Friday, March 7, 2008

Progressive Religion and Hallowed Secularism

3/7/2008--I received a criticism of Hallowed Secularism this week, in the name of, and on behalf of, “progressive religion”. The criticism was twofold. First, my description of organized religion is said to be outdated. Progressive religion, which is to say liberal Jews and Christians in this context, have gone beyond the supernatural—God as a being beyond time and space, miracles, after-life and so forth. Process theology has already done that.

Second, Hallowed Secularism is cognitive—it is ideas about God and about the rest of theology. But progressives regard this sort of approach to religion as trivial. Religion is better expressed through art and ritual.

I have mixed feelings about this critique. On the one hand, I don’t wish to attack progressive religion in any way. While I don’t think progressive religion of this sort is tenable, I would be the first to benefit if it were, because then I could remain in Judaism. Plus, progressive Christians and Jews are my natural political allies on many fronts.

Nevertheless, let me, just this once, respond. There are two kinds of “progressive religion” in our cultural terms. One type is theologically conservative but politically liberal. In this category you can put people like Jim Wallis, Stanley Hauerwas, John Milbank and Pope Benedict. On some cultural issues, such as abortion and gay marriage, such persons may not be progressive at all. But on core economic issues, international affairs, militarism and the environment, such persons are likely to be more radical—because their thinking is grounded in the Kingdom of God—than any merely political alternative can be.

The other kind of progressive religion is both theologically and politically liberal. Obviously, I am painting with a very broad brush, since new theological thinking may not fit into these categories. But the critic had in mind liberal theology of a certain kind—skeptical of any supernatural concepts. For that is true of Hallowed Secularism as well and the point the critic was making was that Hallowed Secularism is not breaking any new ground.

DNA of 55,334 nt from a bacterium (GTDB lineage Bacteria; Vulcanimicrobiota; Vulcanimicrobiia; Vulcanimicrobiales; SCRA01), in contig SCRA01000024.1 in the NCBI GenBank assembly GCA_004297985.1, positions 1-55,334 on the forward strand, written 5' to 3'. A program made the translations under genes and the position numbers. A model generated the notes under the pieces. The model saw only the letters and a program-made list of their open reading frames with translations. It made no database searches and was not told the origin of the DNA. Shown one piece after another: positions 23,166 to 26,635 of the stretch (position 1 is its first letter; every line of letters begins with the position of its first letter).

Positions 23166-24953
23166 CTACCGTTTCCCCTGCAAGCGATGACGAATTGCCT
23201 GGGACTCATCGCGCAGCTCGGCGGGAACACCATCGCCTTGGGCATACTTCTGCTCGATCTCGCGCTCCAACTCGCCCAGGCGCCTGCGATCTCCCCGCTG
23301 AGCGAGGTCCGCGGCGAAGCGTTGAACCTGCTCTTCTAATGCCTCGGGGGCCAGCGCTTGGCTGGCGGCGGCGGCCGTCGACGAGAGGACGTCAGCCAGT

This latter kind of progressive Christian and Jewish religion seems to me to have shown itself as insubstantial. It has few followers. It does not work as Christian thought because the empty tomb cannot be regarded as mere metaphor. That Christian truth is meant to be historical, even if mysterious. Jesus really must have arisen from the dead. Discovering Jesus’ remains would be a Christian catastrophe.

Nor has this kind of religion worked in Judaism. Rabbi Mordecai Kaplan’s formulation--God is the power that makes the good possible—is the sort of naturalism that the critic has in mind. But, as anyone familiar with Reconstructionist Judaism can attest, Reconstructionist Judaism has failed to incorporate such non-theistic understanding into prayer and liturgy. The language of the Old Testament undermines the Kaplan approach. In the Old Testament, God speaks and wills. God is not a force or structure.

To the critic, none of this is that important, since religion is not about theological ideas. Part of the point of progressive religion is to resist the Enlightenment emphasis on reason. But this non-cognitive approach has led in progressive Christian and Jewish practice to outlandish and nostalgic gestures. In Jewish synagogues, people now cover their heads with their talitot (prayer shawls) during the Sh’ma and people are routinely named in prayers for healing that were rarely done before. Jewish renewal ritual forms, for example, are boring. In progressive churches, prayers are longer and more people are remembered in prayers, than ever before. I find all this inflated and over-emotional.

And it is over-emotional for a reason--because it lacks the rigor of thinking. The great critic of Enlightenment narrow intellectuality was the philosopher Martin Heidegger. But Heidegger was careful to say, in the “Letter on Humanism,” that he was not renouncing “the rigor of thinking” and putting in its place “the arbitrariness of drives and feelings”, thus proclaiming irrationalism. But the sort of progressive religion the critic was raising risks doing exactly that.

Certainly religion is more than dogma and more than ideas, especially more than ideological commitments. But it does not do to say of God, “whatever we mean by that”. It is not progressive in any sense to give up the fundamental question, what is reality and what, if anything, is behind it? Yes, Hallowed Secularism takes that question with utmost seriousness. Hallowed Secularism is not content to substitute for that thinking, any form of art and liturgy.

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